In 1990 the Lapal Canal Trust was formed to support the restoration of the Dudley No 2 Canal, or Lapal Canal as the restoration section was becoming know.

Restoration

Restored Lapal Canal
Restored Lapal Canal at Leasowes

In 1997, Dudley Council restored a section of the canal at Leasowes (not far from Hawne Basin).

A study, commissioned from Atkins in 2007, confirmed that re-opening Lapal Tunnel was not practicable and recommended an alternative route using locks to take the canal over the top of the hill instead of through it.

In 2013, planning permission was granted  for development of a site alongside the Worcester & Birmingham Canal at Selly Oak which would block the line of the Lapal Canal and prevent restoration.  Fortunately, after considerable pressure from the public, the plans included provision for reinstatement of the canal, on a new alignment a little further south.  The developers will make provision for the canal but it’s not clear if they will finish construction and and open the route without additional external funding.  The development is expected to finish in 2017.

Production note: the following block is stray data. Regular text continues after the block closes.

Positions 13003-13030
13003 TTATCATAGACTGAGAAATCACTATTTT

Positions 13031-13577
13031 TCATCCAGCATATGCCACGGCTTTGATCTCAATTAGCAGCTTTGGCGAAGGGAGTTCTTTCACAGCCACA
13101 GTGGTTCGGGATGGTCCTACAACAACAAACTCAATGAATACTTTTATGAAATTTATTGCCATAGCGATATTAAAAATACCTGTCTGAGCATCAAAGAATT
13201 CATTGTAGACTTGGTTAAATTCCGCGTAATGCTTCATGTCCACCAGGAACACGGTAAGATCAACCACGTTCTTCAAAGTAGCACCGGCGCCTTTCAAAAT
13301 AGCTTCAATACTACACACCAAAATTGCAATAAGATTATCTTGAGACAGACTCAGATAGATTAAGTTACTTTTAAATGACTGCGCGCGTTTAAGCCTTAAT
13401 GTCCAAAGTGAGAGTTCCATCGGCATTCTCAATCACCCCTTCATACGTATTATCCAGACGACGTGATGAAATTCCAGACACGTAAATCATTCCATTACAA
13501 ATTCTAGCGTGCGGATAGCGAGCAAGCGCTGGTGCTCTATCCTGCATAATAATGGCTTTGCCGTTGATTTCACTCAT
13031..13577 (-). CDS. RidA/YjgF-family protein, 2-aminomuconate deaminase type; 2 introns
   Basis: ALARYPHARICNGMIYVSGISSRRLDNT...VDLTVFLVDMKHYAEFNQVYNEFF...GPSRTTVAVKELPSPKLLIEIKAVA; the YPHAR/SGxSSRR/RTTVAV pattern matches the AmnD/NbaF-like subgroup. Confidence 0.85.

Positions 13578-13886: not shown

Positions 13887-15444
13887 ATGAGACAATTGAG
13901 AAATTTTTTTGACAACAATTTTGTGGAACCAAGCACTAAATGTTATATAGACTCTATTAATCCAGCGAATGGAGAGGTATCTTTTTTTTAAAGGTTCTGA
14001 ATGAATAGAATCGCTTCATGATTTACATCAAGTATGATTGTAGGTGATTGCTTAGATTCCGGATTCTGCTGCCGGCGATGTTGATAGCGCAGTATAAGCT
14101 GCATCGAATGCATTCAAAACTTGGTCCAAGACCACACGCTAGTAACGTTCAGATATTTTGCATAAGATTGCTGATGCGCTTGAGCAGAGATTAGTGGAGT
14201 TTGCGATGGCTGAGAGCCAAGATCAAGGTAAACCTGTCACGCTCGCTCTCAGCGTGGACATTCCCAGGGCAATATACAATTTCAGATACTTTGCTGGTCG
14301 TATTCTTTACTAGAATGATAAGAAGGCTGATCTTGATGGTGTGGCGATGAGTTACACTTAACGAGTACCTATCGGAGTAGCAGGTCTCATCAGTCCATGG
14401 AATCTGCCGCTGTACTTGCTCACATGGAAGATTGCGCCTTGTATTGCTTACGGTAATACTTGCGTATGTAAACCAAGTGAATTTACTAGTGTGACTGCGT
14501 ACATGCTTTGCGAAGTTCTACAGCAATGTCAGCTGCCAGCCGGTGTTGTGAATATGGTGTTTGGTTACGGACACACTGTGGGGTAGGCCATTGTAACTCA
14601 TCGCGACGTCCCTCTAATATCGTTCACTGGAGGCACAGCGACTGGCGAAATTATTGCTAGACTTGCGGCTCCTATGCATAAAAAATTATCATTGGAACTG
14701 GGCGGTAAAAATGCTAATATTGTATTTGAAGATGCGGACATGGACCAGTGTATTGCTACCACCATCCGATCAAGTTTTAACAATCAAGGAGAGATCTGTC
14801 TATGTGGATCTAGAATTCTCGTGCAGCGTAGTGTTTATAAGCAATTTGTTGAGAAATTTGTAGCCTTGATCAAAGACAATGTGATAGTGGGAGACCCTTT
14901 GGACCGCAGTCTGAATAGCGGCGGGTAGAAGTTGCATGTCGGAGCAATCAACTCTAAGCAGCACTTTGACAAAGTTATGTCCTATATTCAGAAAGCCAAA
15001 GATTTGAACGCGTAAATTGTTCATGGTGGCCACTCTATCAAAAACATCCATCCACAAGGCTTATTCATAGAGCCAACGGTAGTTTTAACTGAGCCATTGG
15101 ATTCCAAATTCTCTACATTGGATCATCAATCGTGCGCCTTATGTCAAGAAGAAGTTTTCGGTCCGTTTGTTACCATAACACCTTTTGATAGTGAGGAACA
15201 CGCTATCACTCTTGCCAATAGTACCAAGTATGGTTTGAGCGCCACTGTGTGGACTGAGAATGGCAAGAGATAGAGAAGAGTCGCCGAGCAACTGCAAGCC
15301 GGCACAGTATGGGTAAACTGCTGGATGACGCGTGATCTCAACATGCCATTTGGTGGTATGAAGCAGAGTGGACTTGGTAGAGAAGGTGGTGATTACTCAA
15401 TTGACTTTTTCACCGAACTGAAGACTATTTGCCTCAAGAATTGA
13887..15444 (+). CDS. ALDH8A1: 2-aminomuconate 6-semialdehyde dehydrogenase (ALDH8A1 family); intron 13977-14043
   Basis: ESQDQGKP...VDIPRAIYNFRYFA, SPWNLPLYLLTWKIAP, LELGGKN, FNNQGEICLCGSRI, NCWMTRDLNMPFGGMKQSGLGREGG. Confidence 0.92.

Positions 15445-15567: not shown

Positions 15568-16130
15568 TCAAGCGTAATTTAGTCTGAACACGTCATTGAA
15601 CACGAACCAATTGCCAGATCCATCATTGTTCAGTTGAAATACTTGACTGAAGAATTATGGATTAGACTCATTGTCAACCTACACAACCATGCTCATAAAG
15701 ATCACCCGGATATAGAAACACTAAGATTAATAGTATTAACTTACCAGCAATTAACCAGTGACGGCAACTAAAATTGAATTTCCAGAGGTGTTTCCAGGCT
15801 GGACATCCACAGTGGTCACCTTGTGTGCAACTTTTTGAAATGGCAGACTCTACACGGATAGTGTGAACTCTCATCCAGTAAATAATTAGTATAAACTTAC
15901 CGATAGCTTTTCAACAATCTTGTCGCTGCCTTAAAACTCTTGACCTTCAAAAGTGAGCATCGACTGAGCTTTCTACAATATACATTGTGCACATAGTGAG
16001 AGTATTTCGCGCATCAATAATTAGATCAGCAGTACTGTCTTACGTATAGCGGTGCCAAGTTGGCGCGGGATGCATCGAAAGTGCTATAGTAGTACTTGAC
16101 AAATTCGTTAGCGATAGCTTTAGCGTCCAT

In late 2015 the next 100 metres of canal after the Selly Oak development was dug out and will become connected to the Worcester & Birmingham Canal by the new channel through the development, probably during 2017.

There are no more active plans for completing the Lapal Canal, although there is much local enthusiasm.

Further Information

Selly Oak Junction
Selly Oak Junction

You can view a virtual cruise along the canal, just choose your starting point and click the “Next” links:-

Extract from Lapal Canal Map
Extract from Lapal Canal Map

You can download free Lapal Canal maps in a choice of Acrobat (pdf) and Memory-Map (qct) formats.  These show both the original route of the Dudley No 2 Canal and the proposed route of the Lapal Canal.